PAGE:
Where bartender meets chef

Where bartender meets chef

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Alcohol and food have always reflected societal advancements. Today, the role played by both industry representatives are overlapping, thereby altering what previously were defined occupations. HN investigates

To learn more about how bartenders and chefs are now collaborating where cocktails are concerned, HN spoke to Mike Kassabian, who recently set a country first by winning both Diageo’s ‘Best Bartender in Lebanon’ and Diageo’s World Class ‘Cocktails at Home’ category challenge.

You’ve now won some of the industry’s most reputed awards, so what comes next?
To answer that, I have to return to the moment when I successfully reached the semi-finals of Diageo Reserve World Class competition. That was when I began to take a special interest in food-pairing. After winning Lebanon’s best bartender competition and while competing in Mexico, I realized that the kitchen was where I wanted to be.

What does bartending have in common with being a chef?
Funny you should ask that, as I will be leaving for Norway tomorrow for a three-month internship at Maaemo, which has 3 Michelin Stars, and is one of the world’s most awarded restaurants! Despite being accepted at NOMA, I opted for the former because they have a different approach to F&B. While there, I hope to learn a diverse range of techniques, which I will then employ to expand my culinary and bartending skills.

Are your plans related to the current trend for culinary cocktails?
This trend is simply a reflection of what has been brewing behind the scenes for a very long time. We have reached an inflection point, which will see bartenders and chefs working alongside each other. There are incredible parallels between the bartender and the chef. Think of it this way: for chefs, fire is key, while for bartenders, it’s ice. Chefs use salt and bartenders use sugar. Chefs and bartenders are inching closer to one another since they are realizing that they have much to learn from each other’s craft. Furthermore, the seminars reserved for international bartenders and the bartending profession are now also being attended by chefs. In addition, bartenders are bringing chefs to attend events. This allows these two professionals working under the same roof a platform for a more fluid exchange, which is proving to be highly beneficial to both, at a time when the bar and kitchen are slowly merging/fusing.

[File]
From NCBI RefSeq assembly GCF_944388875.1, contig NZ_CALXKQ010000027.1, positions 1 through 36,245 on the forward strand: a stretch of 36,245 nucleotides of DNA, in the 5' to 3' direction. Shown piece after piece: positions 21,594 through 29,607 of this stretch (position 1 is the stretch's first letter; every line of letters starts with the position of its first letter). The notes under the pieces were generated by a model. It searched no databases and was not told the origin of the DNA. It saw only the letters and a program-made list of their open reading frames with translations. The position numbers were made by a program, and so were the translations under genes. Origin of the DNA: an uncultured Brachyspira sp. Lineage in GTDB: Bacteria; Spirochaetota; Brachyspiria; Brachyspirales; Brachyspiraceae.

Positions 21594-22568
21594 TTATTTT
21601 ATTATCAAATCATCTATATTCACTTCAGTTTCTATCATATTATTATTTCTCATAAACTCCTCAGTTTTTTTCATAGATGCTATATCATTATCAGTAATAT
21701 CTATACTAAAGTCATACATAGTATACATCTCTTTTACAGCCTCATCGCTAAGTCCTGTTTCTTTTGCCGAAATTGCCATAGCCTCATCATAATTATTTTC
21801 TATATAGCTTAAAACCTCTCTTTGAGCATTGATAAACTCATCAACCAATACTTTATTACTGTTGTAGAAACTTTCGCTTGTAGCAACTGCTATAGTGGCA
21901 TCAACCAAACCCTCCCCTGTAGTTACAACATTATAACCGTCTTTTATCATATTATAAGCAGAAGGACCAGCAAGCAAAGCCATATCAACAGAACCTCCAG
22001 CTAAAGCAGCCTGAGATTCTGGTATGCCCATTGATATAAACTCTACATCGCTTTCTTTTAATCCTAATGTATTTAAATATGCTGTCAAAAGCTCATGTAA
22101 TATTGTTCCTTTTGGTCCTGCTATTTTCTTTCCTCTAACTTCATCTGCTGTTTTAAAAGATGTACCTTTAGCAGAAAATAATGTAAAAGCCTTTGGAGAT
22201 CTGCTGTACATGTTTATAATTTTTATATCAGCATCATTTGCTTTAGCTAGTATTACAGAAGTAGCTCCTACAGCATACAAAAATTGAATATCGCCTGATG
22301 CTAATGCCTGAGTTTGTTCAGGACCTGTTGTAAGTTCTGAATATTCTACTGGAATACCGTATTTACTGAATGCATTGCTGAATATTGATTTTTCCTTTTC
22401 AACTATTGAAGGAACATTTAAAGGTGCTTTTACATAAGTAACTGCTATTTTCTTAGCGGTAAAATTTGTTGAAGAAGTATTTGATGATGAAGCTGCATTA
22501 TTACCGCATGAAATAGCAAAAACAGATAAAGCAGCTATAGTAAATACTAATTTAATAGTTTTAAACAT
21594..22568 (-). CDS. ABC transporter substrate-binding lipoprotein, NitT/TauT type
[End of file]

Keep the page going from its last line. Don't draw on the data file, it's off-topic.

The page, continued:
Can you give us any examples of this trend in practice?
Unknown to most, there has been a frequent crossover related to the techniques and tools used by both bartender and chef. This becomes especially true when you consider the increasing collaborations between some of the most reputed chefs working alongside a host of amazing bartenders. It is such interactions that are adding incredible value for diners and elevating the eating-out experience to an unprecedented level through the introduction of new flavors in liquid form. Building on that movement, chefs are more frequently experimenting with liquids and have taken the time to learn amount machines uniquely-designed to that end. One popular machine is the rotary evaporator that can allow for the distillation and extraction of flavors. So, you can imagine the types of results achieved when both bartenders and chefs share their take of what is possible and then work side-by-side to create something completely original. Furthermore, the knowledge of liquors and spirits combined with modern techniques and machines results in superior experiences that previously had been unheard of.

So where do you think this is all leading?
There are globally reputed chefs today at the head of their craft who have borrowed techniques from bartenders, proving that to evolve in this profession, one needs to master both. This is gradually becoming an inescapable reality. As for the chef and bartender of the future, I see both coming closer together. Bear in mind that some years ago, chefs used to have wine with food-pairing menus, which have today evolved into cocktail-pairing menus. This is especially important today, given that sauces constitute a base in food and bartenders have a profound understanding of liquids. Applied on the same platform, their skills can produce far more powerful results, maybe even a new profession!